Education system has shifted from one form of exclusion to another

The introduction of a no-fee regime for poor students marks a turning point in the post-apartheid higher education landscape.

Putting aside the political machinations of the suddenness of the announcement, it is morally correct that the state no longer devolves the burden to the poor majority of students – either by encumbering them with major debt upon graduation, or forcing struggling households to have to go to extraordinary lengths to get a child through university.

Even if Finance Minister Malusi Gigaba finds R3-billion for the free-free venture, it could alleviate financial strain for up to 30000 students if they are given a R100000 grant each (this is what they would each need for fees, food and accommodation).

However, we must remind ourselves that we are here in this position because it was the ANC itself that chose a fee-driven university model and became somewhat fiscally addicted to it.

Understandably in the early 1990s, the emerging democratic state was hamstrung by its financial precariousness and needed public institutions that could partially do for themselves to do so.

However, the ever-increasing university fees stopped this from being a sustainable method for this African country.

It should have been obvious that at some point demographics and economics would clash.

Fees have become a class barrier in higher education, a class-driven logic that actually runs through much of our public education system.

In basic education, the economic dualism of historically white model C schools versus historically black schools has become so concretised over time that even the Department of Basic Education gives out a prize for top matric students in “no-fee” schools.

In higher education we see a similar “model-C-isation” of universities because universities are expected to set and increase their own fees as well as raise additional sources of income.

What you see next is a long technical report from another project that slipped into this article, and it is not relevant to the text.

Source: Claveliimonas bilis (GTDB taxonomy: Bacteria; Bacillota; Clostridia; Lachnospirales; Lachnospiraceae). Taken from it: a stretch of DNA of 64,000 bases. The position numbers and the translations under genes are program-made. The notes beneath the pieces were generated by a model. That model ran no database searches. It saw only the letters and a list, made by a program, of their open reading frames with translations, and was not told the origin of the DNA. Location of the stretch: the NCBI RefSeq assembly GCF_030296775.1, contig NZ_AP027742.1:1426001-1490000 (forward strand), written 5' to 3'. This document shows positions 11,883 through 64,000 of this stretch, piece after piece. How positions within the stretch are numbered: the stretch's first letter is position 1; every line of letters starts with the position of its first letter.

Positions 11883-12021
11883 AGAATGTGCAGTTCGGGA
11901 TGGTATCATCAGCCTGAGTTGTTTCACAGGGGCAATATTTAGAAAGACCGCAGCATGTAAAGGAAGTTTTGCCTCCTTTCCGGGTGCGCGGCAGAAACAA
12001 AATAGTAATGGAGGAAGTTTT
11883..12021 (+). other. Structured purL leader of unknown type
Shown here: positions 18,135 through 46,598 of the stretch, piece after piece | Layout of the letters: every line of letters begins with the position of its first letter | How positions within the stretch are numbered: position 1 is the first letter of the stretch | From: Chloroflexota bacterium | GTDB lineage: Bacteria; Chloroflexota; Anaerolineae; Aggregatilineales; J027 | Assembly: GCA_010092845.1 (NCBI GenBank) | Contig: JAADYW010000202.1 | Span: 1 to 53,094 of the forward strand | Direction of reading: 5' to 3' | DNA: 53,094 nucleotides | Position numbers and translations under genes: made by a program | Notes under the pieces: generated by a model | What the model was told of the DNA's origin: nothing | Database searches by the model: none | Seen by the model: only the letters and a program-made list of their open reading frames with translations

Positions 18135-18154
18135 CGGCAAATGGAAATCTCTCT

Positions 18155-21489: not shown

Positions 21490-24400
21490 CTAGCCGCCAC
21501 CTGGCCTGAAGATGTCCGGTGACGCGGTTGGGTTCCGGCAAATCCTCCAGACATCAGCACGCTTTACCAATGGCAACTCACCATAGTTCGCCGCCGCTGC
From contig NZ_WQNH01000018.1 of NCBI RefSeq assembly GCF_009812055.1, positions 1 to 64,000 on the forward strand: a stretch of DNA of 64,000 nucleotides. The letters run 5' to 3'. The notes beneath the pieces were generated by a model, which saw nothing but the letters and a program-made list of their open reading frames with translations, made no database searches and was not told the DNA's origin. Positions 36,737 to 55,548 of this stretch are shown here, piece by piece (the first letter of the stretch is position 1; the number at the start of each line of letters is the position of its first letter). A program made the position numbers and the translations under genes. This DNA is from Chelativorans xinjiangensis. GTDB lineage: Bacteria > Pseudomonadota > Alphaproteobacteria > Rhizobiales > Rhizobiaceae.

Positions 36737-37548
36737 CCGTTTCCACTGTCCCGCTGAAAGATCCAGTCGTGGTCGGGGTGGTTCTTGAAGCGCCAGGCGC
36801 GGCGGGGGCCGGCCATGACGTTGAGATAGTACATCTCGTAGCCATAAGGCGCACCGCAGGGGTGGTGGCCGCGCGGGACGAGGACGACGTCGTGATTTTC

In this system, historically white universities can attract the best entering students as well as the most specialised academics, and offer them the best conditions for learning and research.

No surprises that these “model C” universities are now among the top ranked in the world.

However, the same cannot be said for historically black universities or newly restructured universities which have a majority of economically disenfranched students depending on the National Student Financial Aid Scheme (NSFAS).

The majority of these universities struggle to generate the kind of additional income either from fees, research or donors to be academically competitive in the long term.

One way they dealt with these pressures was simply to increase student numbers to attract a larger subsidy from the state.

The Council for Higher Education reported in 2016 that “while the growth in student enrolment has been considerable, the growth in the academic staff complement has not kept pace, such that the student to staff ratio, always less than desirable, has worsened over the two decades…

“This growth has not been met with sufficient funding to enable the national goals of higher education to be fully met, and the prospects of a sustainable increase in funding are negligible…

“Institutional managements and staff have to deliver on sometimes competing objectives. The higher education system in South Africa is undoubtedly under pressure, with a number of institutions struggling to keep the higher education project alive.”

In dealing with competing objectives, universities have adopted a corporatist and managerialist approach to running universities which curtail free academic freedom, thus undermining intellectual inquiry.

Effectively, the sector shifted from apartheid logic to corporatist logic – simply from one form of exclusion and authoritarianism to another.

As universities respond with a mixture of shock and adaptation to the fee-free announcement, one gets the feeling there’s a bit of “playing the victim” going on by state officials, as if universities hold the power.

No, fees were a state-sanctioned policy all along and it cannot simply act as if this is the end of its responsibilities in transforming the higher education sector .

We will need responsible leadership both in the state and in the education sector to help us navigate an uncertain path.

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